That is doesn’t is testimony to the performances and to Schlondorff’s skill. It’s not merely that he opens up the piece considerably—giving us some outside shots and using archival footage, while collaborating with cinematographer Mathieu Amathieu, production designer Jacques Rouxel and editor Virginie Bruant to give variety to the interiors of Choltitz’s headquarters hotel as well. It’s testimony to their success that although nobody can be uncertain of the outcome—Paris is still the City of Lights, after all—“Diplomacy” still builds suspense, and in the end earns a sigh of relief.

Much of what happens in the film, of course, is purely conjectural. We know that Choltitz and Nordling met, of course, but not much more than that. What they said, how they said it, and what determined the outcome of their conversation, is all unknowable. And whatever transpired between them could hardly have been as smoothly choreographed as what we see and hear on screen. The actions of those around them—like the French engineer who plays a pivotal part in the denouement—are similarly speculative. But of course it doesn’t matter. “Diplomacy” is drama based on history, not history, and as such it’s a crackerjack example of it.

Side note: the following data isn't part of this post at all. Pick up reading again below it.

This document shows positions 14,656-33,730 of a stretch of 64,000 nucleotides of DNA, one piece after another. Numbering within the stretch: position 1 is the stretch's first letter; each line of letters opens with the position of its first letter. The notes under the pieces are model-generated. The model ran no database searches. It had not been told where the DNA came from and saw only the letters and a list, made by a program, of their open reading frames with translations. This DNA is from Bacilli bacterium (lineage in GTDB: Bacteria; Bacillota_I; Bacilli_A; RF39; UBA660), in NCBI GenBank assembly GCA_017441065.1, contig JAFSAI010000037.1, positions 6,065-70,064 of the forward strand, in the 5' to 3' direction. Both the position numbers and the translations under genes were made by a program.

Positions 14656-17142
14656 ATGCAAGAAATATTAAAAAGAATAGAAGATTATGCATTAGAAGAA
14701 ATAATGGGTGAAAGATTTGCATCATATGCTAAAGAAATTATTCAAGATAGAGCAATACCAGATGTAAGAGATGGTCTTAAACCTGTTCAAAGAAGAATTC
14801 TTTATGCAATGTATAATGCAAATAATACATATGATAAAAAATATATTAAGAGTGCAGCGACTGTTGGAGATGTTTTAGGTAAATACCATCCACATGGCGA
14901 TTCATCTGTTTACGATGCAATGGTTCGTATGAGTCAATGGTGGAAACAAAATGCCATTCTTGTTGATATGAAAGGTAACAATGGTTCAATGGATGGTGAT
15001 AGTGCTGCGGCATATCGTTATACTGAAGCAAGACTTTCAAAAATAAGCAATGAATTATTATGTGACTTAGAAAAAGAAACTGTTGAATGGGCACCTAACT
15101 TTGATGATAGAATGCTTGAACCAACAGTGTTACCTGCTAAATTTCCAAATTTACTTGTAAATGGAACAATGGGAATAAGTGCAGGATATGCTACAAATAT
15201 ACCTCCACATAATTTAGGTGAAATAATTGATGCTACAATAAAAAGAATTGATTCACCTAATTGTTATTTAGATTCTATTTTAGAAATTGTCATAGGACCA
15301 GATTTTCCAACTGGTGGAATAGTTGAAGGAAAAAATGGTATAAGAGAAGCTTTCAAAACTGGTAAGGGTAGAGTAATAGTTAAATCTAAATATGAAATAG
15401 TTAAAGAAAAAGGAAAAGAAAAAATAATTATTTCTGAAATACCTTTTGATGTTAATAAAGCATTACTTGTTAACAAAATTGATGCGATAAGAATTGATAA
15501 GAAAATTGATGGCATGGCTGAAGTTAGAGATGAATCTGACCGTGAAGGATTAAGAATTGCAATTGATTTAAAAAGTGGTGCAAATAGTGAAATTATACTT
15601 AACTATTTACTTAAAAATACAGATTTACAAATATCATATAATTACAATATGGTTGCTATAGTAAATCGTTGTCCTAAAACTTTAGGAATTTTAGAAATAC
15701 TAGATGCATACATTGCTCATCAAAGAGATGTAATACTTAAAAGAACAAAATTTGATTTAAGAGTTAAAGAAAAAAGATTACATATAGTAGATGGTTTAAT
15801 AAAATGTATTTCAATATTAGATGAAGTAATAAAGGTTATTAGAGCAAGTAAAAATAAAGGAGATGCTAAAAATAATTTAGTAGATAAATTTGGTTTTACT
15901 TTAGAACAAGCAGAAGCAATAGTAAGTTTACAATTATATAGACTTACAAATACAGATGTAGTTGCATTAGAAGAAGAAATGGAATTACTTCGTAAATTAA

It also shows that Schlondorff, whose career has been erratic at best, hasn’t lost his touch. Like another veteran filmmaker, Roman Polanski, his turn to the stage for inspiration has proven a wise choice. And like “Venus In Fur,” “Diplomacy” is a winner, though of a very different sort.


There aren’t many movies that call out for sequels, but “Dumb and Dumber” would be near the bottom of most people’s lists. The 1994 Farrelly brothers’ slapstick comedy was sub-Three Stooges material that, in terms of gross-out status, aimed lower than low, and a 2003 prequel, “Dumb and Dumberer,” was so dismal that even audiences attuned to such stuff stayed away in droves.

Still, one can understand why the makers of the original should have decided to return to this barren well again. The careers of Bobby and Peter Farrelly have pretty much stalled over the last couple of decades, and neither Jim Carrey nor Jeff Daniels has exactly been riding high either. Why not attempt to return to the glory days?

“Dumb and Dumber To” explains why. It begins with Lloyd (Carrey) ensconced in a catatonic state at a rest home, supposedly as a result of being jilted two decades earlier, where he’s regularly visited by old pal Harry (Daniels). But after Harry announces that he has a medical problem that will keep him from coming any longer (a statement that’s frankly at odds with the movie’s big final revelation, but who cares?), Lloyd awakens (a joke that won’t be explained here) and the two become buddies tied at the hip again.